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Bibil Identifier bibil:202574
Publication Type Journal article
Title (English, Long) Jerusalem and Carthage
Author Hazony, Yoram
Journal Hebraic Political Studies (Volume: 3, Issue: 3)
Year (Publication) 2008
Year (Original (1st Edition)) 2008
Year (Copyright) 2008
Year (Reference) 2008
Year (Second publication) 2008
Language English
Pages 261-289 Pages
Genre Original
Abstract In recent years, Tertullians iconic distinction between Jerusalem and Athens has been frequently cited as a point of departure for discussion of the relationship between the thought of the Bible and the philosophy of ancient Greece. Historically, Tertullians dichotomy launches a discourse based on two familiar premises: that "faith" and "reason" name distinct and opposed aspects of mankind's intellectual endowment; and that the tradition of thought found in the Bible represents and encourages the first of these, whereas Greek philosophy embraces the second. My own view is that both of these premises are almost certainly false. In what follows, I offer preliminary remarks concerning one aspect of this topic, which is the question of whether the Bible can reasonably be seen as representing the position labeled "faith" in the Tertullianic disputation between faith and reason. In my view, the kind of faith that bears the label "Jerusalem" in the discourse inspired by Tertullian cannot be found in the Hebrew Bible at all. To speak intelligently about the thought of the Hebrew Bible and its place in the history of the West, one must learn to think in terms of an unaccustomed and very different opposition, that between Jerusalem and Carthage.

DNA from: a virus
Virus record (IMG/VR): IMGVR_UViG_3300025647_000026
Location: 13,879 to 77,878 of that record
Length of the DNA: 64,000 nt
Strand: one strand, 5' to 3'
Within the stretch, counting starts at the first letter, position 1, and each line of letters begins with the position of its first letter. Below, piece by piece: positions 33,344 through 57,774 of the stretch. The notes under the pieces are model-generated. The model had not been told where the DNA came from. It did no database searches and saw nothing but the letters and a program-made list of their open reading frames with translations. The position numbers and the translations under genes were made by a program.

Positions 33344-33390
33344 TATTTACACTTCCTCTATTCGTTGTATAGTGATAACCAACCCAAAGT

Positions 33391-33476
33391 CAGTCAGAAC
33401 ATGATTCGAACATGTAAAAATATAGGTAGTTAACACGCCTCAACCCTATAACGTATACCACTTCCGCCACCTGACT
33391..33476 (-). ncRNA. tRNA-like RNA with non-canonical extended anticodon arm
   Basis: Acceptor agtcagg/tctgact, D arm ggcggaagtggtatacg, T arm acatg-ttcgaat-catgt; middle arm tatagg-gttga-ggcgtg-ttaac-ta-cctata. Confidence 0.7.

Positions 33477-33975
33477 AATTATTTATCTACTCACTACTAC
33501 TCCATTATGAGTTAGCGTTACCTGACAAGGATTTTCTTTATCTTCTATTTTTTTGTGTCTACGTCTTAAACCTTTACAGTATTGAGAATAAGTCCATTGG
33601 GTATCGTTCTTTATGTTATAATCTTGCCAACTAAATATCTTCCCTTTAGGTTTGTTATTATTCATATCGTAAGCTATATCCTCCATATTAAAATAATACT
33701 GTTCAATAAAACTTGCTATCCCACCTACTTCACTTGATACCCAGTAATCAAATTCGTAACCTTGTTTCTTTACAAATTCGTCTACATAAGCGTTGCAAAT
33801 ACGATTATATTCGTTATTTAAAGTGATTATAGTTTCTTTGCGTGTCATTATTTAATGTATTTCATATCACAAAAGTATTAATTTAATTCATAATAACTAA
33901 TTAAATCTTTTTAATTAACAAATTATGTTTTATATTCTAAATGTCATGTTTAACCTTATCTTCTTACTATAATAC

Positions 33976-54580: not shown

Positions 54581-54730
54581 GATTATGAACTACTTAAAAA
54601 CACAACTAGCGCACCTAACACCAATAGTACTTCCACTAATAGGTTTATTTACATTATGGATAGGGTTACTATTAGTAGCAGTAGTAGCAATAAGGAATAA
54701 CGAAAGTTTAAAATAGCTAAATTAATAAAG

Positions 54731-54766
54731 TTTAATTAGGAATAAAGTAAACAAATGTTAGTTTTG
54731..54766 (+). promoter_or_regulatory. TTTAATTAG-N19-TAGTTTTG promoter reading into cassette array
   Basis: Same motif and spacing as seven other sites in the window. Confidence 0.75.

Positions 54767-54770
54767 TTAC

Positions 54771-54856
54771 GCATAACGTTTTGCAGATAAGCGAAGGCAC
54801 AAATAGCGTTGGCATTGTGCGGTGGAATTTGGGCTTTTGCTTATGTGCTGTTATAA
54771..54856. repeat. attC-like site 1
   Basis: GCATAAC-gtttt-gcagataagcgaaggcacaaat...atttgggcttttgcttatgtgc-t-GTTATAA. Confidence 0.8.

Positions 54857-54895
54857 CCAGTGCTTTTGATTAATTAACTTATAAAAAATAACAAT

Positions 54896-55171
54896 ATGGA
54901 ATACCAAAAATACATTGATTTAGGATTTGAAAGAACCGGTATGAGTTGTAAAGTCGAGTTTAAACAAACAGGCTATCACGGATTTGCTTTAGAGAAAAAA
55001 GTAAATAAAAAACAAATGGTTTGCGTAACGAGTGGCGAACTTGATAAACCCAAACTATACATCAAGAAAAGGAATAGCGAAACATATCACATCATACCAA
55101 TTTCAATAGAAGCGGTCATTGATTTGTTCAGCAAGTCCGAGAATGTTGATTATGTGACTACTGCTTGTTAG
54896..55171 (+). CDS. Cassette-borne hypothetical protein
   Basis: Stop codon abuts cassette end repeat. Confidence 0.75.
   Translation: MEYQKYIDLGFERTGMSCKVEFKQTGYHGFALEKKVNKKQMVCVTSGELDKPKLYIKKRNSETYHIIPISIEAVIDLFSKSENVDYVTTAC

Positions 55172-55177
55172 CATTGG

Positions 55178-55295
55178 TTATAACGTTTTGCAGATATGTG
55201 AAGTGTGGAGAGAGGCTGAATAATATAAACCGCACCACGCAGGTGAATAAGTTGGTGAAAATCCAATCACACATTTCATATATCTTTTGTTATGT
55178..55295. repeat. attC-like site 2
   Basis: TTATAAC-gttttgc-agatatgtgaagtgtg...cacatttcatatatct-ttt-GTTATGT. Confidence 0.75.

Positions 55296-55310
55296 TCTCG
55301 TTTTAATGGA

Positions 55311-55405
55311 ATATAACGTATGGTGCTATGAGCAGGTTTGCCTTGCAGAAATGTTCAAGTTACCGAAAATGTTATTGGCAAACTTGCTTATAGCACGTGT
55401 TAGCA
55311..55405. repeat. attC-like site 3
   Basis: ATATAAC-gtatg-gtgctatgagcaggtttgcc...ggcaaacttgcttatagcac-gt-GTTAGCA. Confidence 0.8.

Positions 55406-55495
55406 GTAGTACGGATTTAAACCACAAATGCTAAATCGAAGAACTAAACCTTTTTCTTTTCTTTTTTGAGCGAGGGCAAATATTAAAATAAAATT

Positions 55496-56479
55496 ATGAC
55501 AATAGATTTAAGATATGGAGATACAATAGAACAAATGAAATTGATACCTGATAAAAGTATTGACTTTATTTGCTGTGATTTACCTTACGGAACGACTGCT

Keywords Thesaurus BiBIL : Ancient Christianity : Ancient Christian Literature : Texts and Authors (Church Fathers) : Texts and Authors : Tertullian
Thesaurus BiBIL : Unbound Keywords : Carthage
Last modification 2017-10-27